We recently wrote a blog post about the future of artificial intelligence and the likelihood of our jobs being automated by a robot. This got us thinking, and we decided to hold the latest #WAWlondon on the theme of machine learning.
There is a lot of information widely available online and rather than simply define what it is, at Lynchpin we are known for our practical approach. Therefore we were delighted to have three different speakers all using machine learning techniques now so our audience could get a real sense of what they can explore for their own businesses.
Harvinder Atwal – Machine Learning: What They Don’t teach you at Coursera
Our first speaker was Harvinder Atwal, Head of Customer Insight and Marketing Optimisation at MoneySuperMarket. MoneySuperMarket is one of the most visited websites in the UK and Google’s biggest PPC customer. Around 1.4 billion people saved money last year by using their website.
From Harvinder’s talk, clearly machine learning is “soo money supermarket” and if you have been delightfully irritated by their off the wall ad campaigns they have done some brilliant t-werk lately.
Harvinder explained various ways MoneySuperMarket are using machine learning, but also the practicalities of deploying the algorithms, on-boarding the wider business and getting projects shipped on time – the stuff they don’t teach in the textbooks.
MoneySuperMarket have used machine learning successfully in their comparison tools. Using all the data they already hold on their customers they were able to create a supervised regression model that could quickly tell users how much they should be paying for energy bills, insurance and even broadband based simply on postcode.
This helps customers determine whether it is worth switching provider without the laborious task of repetitively filling out reams of forms. The outcome here is not necessarily just around short term profit, but delivering a better customer experience and setting MoneySuperMarket apart from the competition.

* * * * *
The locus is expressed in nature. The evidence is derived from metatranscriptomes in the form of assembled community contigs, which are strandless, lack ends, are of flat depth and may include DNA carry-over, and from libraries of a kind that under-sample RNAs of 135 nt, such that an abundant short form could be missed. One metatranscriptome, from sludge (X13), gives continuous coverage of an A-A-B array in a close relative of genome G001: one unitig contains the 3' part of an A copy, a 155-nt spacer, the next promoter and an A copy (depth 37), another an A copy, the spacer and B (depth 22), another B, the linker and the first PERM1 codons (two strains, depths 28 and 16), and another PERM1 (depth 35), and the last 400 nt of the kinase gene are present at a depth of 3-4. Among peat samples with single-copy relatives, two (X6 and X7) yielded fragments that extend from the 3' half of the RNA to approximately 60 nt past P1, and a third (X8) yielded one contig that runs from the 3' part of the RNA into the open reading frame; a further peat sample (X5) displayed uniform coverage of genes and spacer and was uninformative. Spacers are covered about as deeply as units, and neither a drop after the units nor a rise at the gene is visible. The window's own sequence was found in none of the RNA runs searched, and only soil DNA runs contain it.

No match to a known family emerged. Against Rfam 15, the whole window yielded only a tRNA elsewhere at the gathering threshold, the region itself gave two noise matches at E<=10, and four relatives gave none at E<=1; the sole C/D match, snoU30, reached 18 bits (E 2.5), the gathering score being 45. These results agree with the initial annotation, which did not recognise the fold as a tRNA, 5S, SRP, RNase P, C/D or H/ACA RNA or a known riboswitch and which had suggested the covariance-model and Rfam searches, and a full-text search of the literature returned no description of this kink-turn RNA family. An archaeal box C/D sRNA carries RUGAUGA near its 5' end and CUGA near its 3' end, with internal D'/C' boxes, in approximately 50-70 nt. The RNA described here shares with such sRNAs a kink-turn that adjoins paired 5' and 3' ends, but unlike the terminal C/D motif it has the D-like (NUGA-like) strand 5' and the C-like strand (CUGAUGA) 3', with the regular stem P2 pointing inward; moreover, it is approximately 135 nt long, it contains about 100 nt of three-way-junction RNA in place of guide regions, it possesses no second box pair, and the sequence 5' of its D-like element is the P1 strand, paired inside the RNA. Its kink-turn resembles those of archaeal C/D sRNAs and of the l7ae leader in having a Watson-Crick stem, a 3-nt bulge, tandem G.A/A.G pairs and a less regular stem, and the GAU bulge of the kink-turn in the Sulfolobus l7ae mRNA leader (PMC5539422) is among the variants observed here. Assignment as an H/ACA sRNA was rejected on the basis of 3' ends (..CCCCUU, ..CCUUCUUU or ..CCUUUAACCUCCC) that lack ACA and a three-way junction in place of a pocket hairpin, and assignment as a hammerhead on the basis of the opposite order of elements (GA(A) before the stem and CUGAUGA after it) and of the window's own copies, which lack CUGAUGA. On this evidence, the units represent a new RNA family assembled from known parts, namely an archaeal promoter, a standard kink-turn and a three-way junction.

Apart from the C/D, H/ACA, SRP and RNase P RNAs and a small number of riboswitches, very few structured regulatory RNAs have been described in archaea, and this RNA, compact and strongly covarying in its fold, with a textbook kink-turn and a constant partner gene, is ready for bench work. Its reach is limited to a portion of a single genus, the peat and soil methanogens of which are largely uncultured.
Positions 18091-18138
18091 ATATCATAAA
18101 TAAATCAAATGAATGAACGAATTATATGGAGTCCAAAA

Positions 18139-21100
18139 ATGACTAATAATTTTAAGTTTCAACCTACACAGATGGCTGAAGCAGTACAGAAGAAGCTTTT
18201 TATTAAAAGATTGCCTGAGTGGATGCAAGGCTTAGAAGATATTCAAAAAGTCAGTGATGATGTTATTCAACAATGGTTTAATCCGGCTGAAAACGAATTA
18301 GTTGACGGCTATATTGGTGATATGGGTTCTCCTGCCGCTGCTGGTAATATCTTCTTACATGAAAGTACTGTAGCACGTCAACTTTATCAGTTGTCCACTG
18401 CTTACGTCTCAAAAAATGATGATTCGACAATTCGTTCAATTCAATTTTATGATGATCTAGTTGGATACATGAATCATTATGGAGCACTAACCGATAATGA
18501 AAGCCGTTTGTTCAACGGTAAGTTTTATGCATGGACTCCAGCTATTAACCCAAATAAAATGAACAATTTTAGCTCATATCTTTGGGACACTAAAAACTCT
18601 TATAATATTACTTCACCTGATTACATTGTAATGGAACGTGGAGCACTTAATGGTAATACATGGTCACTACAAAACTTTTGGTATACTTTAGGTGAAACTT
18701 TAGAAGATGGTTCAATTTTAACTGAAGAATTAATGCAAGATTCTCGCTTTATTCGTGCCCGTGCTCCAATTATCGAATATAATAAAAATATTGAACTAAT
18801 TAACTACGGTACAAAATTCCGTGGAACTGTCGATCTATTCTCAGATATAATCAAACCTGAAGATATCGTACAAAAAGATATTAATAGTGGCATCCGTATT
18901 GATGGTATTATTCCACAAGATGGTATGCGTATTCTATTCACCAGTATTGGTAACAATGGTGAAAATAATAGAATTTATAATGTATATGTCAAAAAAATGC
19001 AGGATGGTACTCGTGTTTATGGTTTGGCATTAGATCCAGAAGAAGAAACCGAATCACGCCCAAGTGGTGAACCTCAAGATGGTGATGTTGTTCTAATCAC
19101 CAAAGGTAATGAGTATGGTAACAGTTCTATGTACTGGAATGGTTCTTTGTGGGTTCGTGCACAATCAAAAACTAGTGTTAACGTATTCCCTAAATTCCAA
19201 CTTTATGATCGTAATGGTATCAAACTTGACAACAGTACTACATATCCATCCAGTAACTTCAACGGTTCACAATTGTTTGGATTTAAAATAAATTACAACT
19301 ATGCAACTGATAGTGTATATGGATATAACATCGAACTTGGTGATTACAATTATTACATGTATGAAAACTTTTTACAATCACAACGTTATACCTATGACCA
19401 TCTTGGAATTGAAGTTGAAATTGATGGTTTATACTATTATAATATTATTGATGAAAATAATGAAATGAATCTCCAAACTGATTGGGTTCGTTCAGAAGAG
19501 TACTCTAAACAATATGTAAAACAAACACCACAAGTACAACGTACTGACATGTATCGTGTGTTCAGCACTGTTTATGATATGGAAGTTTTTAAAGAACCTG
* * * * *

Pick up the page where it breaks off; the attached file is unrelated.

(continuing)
Reality Check – Don’t expect everyone in the business to understand
A machine learning regression model is regular programming flipped on its head where you use outcomes present in historical data to train the algorithm. Harvinder made it look easy as he talked about customer personas and unsupervised clustering, however, he admitted it’s not as easy as it looks and there are many practical considerations.
One that we see time and again at Lynchpin is getting key stakeholders to buy into something they perhaps don’t fully understand. One way to do this is to run and test models first and then scale from there. This is something we look at doing with our clients and was also mentioned later by fellow speaker Richard Fergie from e-Analytica.
Richard’s talk was about using machine learning to predict uplift in PPC campaigns. It’s better to relay results to the marketing department in terms of risk and reward and pounds and pence rather than trying to explain and proving a mathematical hypothesis.
Machine Models incur costs and require technical maintenance
Harvinder quoted another Lynchpin mantra: when implementing a new model onto the website or indeed anything from scratch make sure you build measurement in from the start.
Building and maintaining a machine learning model costs money and a good chunk of that cost will be development costs. MoneySuperMarket hands over to developers to turn models into high throughput services, which is a vital but potentially time consuming process.
Models also require monitoring when in production, and potentially retraining (or even terminating) as consumer and/or market behaviour evolves.
Beware feedback loops and document like crazy
A benefit of machine learning is that new data will quickly feedback into the model, but this can risk a key variable or customer segment being missed and a negative result being reached: ultimately customers don’t all behave the same. As well as some brilliant practical demos, Nick Walker highlighted some of the interesting results that could arise from unsupervised models being allowed to run the world without suitable checks and balances! And delighted the audience with facial recognition that will change which advert you are served , the ultimate real time and physical world personalisation.
Harvinder highlighted that models will almost certainly need to be revisited in the future, and documentation with a proper code log and discipline in removing dead code to make it easier to debug and add new functionality in the future is a critical success factor.
Quote of the evening: “Documentation is like sex: any is better than none”
Web Analytics Wednesday happens every two months. Sign up to the meetup group here.